In Life is Feudal, Everyone Has A Role To Play

Medieval construction set


If Sid Meier and Firaxis Games were ever to take their Civilization franchise to an exceptionally granular level, you might end up with Life is Feudal. It’s a simulator that offers the routine and tedium of medieval civilization-building without many of the unpleasantness and hardships of medieval life. There’s no Black Plague to worry about nor is there an oppressive class system (assuming you get along with your server mates). But this is a game after all, so it’s not surprising that Life is Feudal offers adversarial player versus player combat to spice things up in between world-building duties.

The PvP element plays out like the first 15 minutes of many movies and TV shows with medieval settings. Here you are, minding your own business, tending to the land when raiders show up to end your life. Death isn’t as forgiving as most deaths in RPGs; the victors in battle have every right to loot corpses.

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It takes about 45 minutes to sprint from one end of the land to the other.
It takes about 45 minutes to sprint from one end of the land to the other.

It’s in moments of peace that Life is Feudal shows the most promise. Based off player-run servers with 64-player max capacities per server, Life is Feudal is a ripe sandbox of crafting and collaboration. At E3 2015, we explored a modest settlement, the result of four guys who worked a week and a half in eight-hour daily shifts. That’s over 300 man hours to create a town that’s barely larger than a gymnasium. Life is Feudal serves as a reminder that there’s an audience that wants to not only determine where a single brick is laid but also how to create that brick in the first place. And imagine having to prime the ground by leveling it into an even surface before you can lay the first brick. This is both a dream and a nightmare for obsessive compulsives.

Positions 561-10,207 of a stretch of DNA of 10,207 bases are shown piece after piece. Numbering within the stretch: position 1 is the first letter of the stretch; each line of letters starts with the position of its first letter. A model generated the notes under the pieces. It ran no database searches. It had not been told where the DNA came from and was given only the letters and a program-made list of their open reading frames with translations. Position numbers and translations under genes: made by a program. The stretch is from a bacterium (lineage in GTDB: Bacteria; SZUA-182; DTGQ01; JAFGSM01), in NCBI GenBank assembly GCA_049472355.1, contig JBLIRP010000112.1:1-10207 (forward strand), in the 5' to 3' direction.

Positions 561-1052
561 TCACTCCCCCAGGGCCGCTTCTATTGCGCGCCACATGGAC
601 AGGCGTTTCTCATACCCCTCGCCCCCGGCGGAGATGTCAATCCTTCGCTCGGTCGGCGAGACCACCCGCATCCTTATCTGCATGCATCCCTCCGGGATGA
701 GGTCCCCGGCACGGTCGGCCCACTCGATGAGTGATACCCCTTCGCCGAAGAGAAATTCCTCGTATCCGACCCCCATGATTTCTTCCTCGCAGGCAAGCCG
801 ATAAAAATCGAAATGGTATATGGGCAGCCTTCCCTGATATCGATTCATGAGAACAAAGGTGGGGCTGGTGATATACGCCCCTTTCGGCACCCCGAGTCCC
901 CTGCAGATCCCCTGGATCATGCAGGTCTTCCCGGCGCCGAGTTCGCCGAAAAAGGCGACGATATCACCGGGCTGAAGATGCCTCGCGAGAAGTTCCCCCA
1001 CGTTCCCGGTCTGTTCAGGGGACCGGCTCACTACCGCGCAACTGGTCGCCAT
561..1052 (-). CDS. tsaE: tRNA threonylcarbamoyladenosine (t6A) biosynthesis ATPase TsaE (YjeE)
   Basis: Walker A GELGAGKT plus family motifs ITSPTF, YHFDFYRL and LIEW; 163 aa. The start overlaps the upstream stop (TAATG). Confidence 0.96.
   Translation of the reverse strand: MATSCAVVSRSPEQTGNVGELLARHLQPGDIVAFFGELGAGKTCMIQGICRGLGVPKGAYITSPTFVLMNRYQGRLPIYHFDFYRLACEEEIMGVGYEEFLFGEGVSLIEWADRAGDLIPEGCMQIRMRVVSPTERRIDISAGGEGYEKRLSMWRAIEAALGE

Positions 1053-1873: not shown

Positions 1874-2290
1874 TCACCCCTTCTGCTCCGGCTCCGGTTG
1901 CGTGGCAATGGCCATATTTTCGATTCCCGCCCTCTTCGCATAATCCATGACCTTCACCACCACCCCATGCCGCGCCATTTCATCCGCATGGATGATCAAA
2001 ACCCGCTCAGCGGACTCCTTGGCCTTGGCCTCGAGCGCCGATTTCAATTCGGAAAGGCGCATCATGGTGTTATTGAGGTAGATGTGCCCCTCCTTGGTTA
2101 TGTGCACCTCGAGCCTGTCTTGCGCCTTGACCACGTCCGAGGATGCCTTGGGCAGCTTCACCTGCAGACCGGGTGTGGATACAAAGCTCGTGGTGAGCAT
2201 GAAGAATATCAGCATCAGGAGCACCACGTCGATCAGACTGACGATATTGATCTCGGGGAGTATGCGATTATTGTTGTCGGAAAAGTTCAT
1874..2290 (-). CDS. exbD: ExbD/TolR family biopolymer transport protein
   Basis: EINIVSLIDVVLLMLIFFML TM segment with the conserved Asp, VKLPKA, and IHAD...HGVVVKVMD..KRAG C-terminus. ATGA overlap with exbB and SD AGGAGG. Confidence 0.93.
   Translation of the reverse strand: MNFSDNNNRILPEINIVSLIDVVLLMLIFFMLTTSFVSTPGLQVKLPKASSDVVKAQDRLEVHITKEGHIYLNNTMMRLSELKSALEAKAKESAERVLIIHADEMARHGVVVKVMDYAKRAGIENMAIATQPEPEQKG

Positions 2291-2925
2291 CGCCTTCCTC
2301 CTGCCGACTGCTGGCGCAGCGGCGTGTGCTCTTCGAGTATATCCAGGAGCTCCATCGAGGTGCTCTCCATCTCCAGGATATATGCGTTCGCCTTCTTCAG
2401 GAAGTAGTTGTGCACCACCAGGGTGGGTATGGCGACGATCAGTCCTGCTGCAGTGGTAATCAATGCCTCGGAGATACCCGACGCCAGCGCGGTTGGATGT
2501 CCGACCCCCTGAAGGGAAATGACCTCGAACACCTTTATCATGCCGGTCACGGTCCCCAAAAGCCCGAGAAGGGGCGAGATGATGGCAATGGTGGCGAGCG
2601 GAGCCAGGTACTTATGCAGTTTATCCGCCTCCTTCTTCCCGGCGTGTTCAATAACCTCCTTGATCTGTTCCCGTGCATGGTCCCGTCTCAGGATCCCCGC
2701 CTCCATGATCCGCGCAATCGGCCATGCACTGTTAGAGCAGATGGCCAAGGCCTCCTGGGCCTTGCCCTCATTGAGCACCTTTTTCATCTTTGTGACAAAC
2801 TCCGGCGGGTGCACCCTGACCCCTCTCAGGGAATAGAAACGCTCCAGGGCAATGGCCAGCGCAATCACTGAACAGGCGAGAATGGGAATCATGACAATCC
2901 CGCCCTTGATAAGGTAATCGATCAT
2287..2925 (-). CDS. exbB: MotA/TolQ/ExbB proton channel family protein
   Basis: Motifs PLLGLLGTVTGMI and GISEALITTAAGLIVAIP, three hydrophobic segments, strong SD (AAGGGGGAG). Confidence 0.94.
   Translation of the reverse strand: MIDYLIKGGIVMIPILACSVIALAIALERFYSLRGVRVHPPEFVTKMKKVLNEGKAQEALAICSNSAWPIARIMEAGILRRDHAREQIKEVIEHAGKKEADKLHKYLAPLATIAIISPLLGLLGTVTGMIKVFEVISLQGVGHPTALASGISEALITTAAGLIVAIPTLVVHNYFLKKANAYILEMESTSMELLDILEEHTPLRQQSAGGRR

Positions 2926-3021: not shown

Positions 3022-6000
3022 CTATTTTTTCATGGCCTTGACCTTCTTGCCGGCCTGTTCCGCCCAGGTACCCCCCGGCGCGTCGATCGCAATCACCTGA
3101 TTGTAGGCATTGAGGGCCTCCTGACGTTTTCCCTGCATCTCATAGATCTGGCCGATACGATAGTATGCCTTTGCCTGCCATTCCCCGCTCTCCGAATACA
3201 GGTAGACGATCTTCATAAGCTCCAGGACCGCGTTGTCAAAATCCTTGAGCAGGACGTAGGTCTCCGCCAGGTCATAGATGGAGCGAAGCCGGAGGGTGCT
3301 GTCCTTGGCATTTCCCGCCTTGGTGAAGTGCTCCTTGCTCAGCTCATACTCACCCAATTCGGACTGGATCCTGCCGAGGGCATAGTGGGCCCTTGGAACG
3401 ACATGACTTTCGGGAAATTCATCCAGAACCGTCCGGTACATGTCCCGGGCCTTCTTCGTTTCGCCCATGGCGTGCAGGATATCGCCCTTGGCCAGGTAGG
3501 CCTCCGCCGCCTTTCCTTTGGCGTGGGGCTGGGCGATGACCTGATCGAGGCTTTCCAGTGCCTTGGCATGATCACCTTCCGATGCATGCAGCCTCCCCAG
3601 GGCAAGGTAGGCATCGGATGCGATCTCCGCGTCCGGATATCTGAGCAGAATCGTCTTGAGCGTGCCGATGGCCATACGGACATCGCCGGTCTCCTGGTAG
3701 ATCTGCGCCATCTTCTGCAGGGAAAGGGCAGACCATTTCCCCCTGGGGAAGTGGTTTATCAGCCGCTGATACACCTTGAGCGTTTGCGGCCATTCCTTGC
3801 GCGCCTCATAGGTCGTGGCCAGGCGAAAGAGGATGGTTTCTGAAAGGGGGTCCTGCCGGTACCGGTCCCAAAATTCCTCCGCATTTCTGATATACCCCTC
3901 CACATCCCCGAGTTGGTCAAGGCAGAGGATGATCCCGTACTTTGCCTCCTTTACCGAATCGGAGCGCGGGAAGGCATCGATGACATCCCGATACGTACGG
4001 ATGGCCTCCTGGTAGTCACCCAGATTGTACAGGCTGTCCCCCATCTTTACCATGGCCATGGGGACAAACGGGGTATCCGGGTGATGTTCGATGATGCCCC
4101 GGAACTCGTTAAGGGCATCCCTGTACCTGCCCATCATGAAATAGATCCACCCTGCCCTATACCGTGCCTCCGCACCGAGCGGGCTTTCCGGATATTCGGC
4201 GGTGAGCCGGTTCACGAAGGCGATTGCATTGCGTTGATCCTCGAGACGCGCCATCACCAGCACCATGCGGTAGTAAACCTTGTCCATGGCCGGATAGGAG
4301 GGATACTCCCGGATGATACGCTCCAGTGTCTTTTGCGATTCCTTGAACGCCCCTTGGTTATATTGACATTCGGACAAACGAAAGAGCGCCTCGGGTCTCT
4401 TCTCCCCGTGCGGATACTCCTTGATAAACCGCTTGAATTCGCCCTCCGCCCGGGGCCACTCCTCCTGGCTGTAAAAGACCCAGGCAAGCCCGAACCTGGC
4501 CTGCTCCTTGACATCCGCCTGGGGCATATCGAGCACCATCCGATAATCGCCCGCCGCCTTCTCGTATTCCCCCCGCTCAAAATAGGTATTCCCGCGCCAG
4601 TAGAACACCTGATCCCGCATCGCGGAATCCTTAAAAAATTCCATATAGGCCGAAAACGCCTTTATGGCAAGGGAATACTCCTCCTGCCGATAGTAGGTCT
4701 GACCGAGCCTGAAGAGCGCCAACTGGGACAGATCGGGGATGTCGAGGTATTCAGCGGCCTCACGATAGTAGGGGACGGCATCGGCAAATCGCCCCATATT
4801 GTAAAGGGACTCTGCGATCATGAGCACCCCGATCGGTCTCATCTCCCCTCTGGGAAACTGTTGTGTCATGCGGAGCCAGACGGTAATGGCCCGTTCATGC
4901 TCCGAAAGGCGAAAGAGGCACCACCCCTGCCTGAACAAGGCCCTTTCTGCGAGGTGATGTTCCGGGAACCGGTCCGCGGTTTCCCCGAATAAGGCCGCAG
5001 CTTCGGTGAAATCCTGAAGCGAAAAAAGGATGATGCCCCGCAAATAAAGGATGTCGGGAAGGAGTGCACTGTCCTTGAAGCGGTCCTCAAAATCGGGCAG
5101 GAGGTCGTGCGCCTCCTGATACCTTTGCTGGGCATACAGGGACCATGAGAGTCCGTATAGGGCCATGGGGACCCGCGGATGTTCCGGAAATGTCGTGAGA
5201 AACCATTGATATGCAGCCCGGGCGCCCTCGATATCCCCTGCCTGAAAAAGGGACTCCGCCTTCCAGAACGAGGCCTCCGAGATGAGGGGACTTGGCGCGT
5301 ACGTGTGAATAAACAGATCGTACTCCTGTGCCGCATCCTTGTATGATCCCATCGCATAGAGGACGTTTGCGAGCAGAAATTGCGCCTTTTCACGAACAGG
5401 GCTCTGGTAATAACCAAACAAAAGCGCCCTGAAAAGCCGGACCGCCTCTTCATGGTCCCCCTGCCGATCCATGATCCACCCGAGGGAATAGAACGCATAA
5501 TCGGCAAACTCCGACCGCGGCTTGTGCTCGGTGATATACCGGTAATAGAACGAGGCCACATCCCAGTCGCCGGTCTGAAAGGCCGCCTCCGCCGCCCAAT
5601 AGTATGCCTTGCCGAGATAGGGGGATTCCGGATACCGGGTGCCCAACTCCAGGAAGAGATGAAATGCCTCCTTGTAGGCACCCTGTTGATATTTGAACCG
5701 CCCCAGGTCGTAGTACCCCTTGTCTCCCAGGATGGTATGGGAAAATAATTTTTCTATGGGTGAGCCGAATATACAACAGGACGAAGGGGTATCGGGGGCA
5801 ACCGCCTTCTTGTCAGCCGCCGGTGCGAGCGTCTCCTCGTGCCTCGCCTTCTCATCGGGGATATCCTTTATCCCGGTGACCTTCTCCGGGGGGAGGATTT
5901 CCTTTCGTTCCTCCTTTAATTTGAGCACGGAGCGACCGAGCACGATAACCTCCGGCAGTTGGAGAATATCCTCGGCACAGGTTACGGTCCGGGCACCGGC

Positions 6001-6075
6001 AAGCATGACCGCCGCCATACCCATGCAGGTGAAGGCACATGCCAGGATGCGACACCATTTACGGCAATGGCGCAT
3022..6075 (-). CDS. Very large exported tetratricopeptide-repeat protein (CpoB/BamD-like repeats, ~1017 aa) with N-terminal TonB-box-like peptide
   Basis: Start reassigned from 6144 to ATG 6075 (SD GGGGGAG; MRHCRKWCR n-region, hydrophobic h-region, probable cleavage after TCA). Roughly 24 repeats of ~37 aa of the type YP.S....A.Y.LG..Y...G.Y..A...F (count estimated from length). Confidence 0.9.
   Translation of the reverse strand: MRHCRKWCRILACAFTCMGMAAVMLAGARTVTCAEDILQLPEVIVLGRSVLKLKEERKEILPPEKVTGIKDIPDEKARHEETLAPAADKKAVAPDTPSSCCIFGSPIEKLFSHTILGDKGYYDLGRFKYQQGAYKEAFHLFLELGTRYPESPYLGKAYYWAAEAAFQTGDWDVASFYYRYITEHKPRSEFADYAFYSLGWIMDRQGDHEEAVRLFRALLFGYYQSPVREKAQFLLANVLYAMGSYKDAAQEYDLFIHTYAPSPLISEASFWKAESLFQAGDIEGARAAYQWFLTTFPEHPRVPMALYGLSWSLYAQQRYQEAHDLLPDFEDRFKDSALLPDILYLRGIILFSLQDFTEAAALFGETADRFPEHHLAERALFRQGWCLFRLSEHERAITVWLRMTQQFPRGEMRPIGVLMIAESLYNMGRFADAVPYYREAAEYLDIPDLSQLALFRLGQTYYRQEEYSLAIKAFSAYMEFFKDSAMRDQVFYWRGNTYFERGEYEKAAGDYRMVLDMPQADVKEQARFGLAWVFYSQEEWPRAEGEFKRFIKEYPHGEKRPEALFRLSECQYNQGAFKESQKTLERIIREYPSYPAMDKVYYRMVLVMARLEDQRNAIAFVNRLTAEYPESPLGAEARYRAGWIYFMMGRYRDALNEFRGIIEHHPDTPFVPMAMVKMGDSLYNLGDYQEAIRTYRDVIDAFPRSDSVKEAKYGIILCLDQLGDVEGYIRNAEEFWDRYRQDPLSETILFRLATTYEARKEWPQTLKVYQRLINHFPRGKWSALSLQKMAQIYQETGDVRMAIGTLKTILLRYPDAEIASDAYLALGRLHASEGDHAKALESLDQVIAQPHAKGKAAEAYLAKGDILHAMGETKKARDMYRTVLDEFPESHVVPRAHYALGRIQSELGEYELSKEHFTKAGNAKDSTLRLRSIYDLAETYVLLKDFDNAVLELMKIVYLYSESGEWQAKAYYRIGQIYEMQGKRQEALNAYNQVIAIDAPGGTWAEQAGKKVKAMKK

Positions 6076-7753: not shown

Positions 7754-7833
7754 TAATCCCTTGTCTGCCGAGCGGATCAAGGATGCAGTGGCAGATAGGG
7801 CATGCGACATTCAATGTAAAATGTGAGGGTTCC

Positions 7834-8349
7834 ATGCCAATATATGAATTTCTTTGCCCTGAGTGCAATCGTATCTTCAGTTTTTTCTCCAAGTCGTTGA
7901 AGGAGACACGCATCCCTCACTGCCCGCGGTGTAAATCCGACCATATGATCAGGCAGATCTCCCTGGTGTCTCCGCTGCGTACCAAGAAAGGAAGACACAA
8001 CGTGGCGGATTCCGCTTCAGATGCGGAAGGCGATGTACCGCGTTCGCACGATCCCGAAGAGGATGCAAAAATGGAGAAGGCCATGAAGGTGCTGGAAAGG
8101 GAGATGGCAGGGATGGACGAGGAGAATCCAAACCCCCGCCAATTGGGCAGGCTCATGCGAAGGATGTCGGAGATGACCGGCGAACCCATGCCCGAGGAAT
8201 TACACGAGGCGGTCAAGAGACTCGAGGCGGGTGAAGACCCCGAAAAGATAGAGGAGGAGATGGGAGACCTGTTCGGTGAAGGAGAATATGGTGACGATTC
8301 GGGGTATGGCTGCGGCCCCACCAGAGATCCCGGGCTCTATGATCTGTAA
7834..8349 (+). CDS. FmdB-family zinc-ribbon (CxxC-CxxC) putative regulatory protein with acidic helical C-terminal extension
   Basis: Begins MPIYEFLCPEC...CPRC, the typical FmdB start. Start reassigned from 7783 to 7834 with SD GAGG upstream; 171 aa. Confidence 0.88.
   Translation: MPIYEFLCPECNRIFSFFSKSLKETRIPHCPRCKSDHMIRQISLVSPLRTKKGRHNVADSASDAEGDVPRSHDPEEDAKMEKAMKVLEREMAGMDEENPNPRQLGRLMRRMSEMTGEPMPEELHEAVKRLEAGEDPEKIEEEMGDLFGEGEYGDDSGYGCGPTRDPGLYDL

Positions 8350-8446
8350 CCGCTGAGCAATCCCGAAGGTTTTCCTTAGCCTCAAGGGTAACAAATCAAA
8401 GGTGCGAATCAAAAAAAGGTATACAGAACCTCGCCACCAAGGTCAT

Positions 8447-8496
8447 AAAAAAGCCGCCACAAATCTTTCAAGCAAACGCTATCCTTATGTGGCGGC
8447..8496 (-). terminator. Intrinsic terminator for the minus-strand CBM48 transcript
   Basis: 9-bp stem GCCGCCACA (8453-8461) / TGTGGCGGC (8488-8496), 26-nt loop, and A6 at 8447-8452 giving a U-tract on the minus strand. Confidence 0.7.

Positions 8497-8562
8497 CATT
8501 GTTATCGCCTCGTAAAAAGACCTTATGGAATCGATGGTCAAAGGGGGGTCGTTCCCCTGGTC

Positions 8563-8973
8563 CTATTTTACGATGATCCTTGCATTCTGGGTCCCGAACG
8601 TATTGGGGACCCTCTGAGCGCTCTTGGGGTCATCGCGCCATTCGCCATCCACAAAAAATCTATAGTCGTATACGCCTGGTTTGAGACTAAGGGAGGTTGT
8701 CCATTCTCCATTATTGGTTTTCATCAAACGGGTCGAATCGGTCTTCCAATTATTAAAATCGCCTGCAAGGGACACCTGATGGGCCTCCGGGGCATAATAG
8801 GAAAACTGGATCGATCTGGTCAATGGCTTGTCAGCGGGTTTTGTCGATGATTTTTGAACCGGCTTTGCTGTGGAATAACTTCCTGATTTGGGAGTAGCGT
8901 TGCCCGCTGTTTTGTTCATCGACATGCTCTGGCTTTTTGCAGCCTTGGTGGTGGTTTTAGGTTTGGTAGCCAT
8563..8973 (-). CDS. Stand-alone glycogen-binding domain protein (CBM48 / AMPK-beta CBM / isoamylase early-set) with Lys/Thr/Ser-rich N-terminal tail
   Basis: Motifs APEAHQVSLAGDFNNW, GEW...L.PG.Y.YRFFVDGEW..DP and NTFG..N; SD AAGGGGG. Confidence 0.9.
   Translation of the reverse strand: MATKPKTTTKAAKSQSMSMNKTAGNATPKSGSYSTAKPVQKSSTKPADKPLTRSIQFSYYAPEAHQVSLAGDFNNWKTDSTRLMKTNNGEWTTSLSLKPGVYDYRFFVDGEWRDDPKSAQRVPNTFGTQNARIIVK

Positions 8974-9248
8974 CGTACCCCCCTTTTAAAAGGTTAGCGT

This is where skills and planning come into play. If you’ve ever fancied yourself as a construction site foreman, Life is Feudal will give you a creative outlet. Depending on a given server’s skill cap, it’s often best to commit participants to specific roles early on. It also wouldn’t hurt to pull out a notebook and pre-plan the layout of your prospective town. No matter the job one takes, it is of value. The swordmaker depends on the carpenters to provide flammable materials to heat up forges. Everyone else depends on the swordmaker to provide weapons to defend the town. And you wouldn’t last long unless you have someone in your team who is learning to wrangle, tame, and breed animals for food. No man is an island in Life is Feudal.

Every home in Life is Feudal is hand-crafted.
Every home in Life is Feudal is hand-crafted.

If you choose to be a swordsmith, leveling up isn’t as simple as gaining XP with every slam of a forging hammer. You need to improve skills like prospecting, mining, and smelting. Then you have to build many, many swords over time in order become a master swordsmith. The same goes for carpenters, who cannot build stables right from the beginning. Not granular enough for you? You also have to consider the quality of the resources you gather. Every object in Life is Feudal is assigned its own quality value, right down to a block of dirt and each tree that can be chopped into wood.

Speaking of wood, there's a great deal of responsibility should you choose to excel in forestry. As in real life, clear-cutting a nearby wood will yield a ton of building materials, but you’ll also need to learn to grow new trees for long-term sustainability. One side benefit to aggressive forestry means fewer hiding places for invaders. And your citizens will value your discerning taste in growing high quality trees. This not only results in more durable buildings, but also more durable wood-based weapons like bows.

If this kind of workforce management and participation resembles your real life job, we wouldn’t blame you if you avoided Life is Feudal. Yet if you change your mind, this civilization-building simulator is highly friendly to latecomers. The need for raw resources never changes, no matter how well-developed a settlement is. You can never have enough people to gather wood and stone. Joining a community is as simple as strolling into town and asking someone, “How can I help?”. Any experienced Life is Feudal player should have an answer for you.

Invaders might be hiding in that forest in the distance.
Invaders might be hiding in that forest in the distance.

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